International Economics US Direct Investment Into Foreign Essay

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International Economics

US Direct Investment into Foreign Countries

Foreign Direct Investment or FDI is the process of domestic investment dollars entering into foreign markets. The types of available direct investment options include long-term capital infrastructure, building and land purchase for industrial use, and investment into the developing the revenue behind hard assets like film financing. An example of FDI is the recent decision rendered by the Chinese government that eased FDI into the country for development of private hospital infrastructure. A scenario where a U.S. domiciled private hospital invests into constructing medical buildings within the borders of a foreign land as an affiliated hospital is an example of U.S. Foreign Direct Investment into a Foreign Country.

FDI into the U.S.

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The reverse of U.S. FDI is FDI into the U.S. The relative importance of the latter over the former prominently featured recently in financial news reports as foreign countries are actively making direct investments into the U.S. A recent example of FDI into the U.S. is India's private equity businesses engaging Hollywood film studios to finance film development, marketing, and release. FDI in this regard was critical to the continuation of Hollywood film production as Wall Street and other major U.S. based investors bailed out of Tinsel town due to a lack of cash in the wake of the economic crisis. This is a case where FDI contributed to the growth of an industry destined to decline due to insufficient financing streams from domestic investors.

Functions, and descriptions, of the forward, futures and options market

Essay on International Economics US Direct Investment Into Foreign Assignment

Forward contracts and swaps are financial derivatives used to hedge against investment risk and therefore comprise the forward exchange market. Forward contracts arose early in the 20th century as a means to guarantee a price for a commodity and delivered on a future date. An example, a farmer looking to protect against supply and demand pressures would enter into a forward contract that guaranteed the farmer to receive a fixed price for the harvest regardless of supply in the market. An example of a futures contract is a 6-month forward contract to purchase for wheat at (below market value) for an agreed on price. The price is determined by the forward rate.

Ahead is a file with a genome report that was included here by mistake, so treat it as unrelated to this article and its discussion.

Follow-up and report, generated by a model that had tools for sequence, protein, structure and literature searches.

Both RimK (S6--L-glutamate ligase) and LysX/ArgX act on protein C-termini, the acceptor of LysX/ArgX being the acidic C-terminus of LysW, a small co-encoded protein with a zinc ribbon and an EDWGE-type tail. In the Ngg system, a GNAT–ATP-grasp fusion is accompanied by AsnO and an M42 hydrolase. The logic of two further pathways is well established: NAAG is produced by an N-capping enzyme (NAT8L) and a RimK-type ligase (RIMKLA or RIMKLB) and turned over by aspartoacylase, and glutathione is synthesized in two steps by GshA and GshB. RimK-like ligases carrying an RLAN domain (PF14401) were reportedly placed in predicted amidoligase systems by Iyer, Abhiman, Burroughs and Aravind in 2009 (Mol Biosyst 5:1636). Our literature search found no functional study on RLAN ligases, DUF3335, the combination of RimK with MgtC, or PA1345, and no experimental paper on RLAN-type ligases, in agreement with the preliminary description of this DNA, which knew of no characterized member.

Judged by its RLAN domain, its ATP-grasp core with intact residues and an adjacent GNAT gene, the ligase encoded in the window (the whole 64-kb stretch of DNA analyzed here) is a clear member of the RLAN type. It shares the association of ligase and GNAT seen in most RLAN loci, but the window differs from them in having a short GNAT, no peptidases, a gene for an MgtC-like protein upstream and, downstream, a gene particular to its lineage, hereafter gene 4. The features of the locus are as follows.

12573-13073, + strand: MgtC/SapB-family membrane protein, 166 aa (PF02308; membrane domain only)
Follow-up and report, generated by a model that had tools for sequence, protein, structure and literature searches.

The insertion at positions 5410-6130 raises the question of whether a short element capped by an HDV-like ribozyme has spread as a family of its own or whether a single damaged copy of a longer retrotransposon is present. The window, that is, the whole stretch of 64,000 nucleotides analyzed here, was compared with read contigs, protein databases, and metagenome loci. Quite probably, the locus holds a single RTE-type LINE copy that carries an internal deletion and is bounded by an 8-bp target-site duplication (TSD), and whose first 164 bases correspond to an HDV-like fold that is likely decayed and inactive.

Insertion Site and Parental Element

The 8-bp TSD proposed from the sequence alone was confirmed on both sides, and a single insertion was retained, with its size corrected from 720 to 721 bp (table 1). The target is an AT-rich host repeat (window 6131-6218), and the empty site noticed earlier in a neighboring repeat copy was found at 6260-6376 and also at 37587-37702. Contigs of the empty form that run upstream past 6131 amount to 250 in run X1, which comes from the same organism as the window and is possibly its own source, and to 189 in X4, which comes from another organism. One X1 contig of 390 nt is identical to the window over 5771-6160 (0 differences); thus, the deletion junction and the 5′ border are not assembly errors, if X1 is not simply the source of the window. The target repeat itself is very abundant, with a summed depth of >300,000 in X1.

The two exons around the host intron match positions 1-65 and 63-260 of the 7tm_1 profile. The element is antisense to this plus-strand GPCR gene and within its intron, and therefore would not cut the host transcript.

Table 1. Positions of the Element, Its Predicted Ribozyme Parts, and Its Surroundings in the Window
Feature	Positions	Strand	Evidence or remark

The options market is comprised of option contracts that enable an investor to purchase the RIGHT to buy or sell a stock, without taking ownership. For example, it is currently the month of January and an investor is purchasing a February call option (right to purchase) contract on the General Electric Company. The current price for GE stock is $20.00 USD and the option is set to expire in February with a cost of $3.00 per contract to obtain the right to purchase the stock at $25.00. This is the right strategy if you feel the price of the stock will rise "in the money" to a price above $25.00 before the option expiration date, that is the third Friday of the month. If the price rises to $27.00 the investor can exercise the option on each contract and purchase the stock at $25.00 for $3.00 per contract and then sell the stock in the open market. A put strategy is the right to sell a stock at a specified price at a specified date. There are various strategies to options investing including straddles which involve going long or short on a stock and simultaneously buying/selling an call or put.

The relationship between the forward rate and the spot rate

The forward rate refers to a specified price to deliver an asset such as fiat dollars (currency), a commodity (gold or wheat), for delivery at an agreed point in the future. Referring to the forward contract, the forward rate is the price necessary to derive the intrinsic value, or price of the contract. Forward rates also apply to revenue streams associated with interest rate risk and forward rate contracts. The spot rate is the market rate to settle immediately on an asset such as a currency, commodity, or stock and is directly reflective of the expected future value of said asset.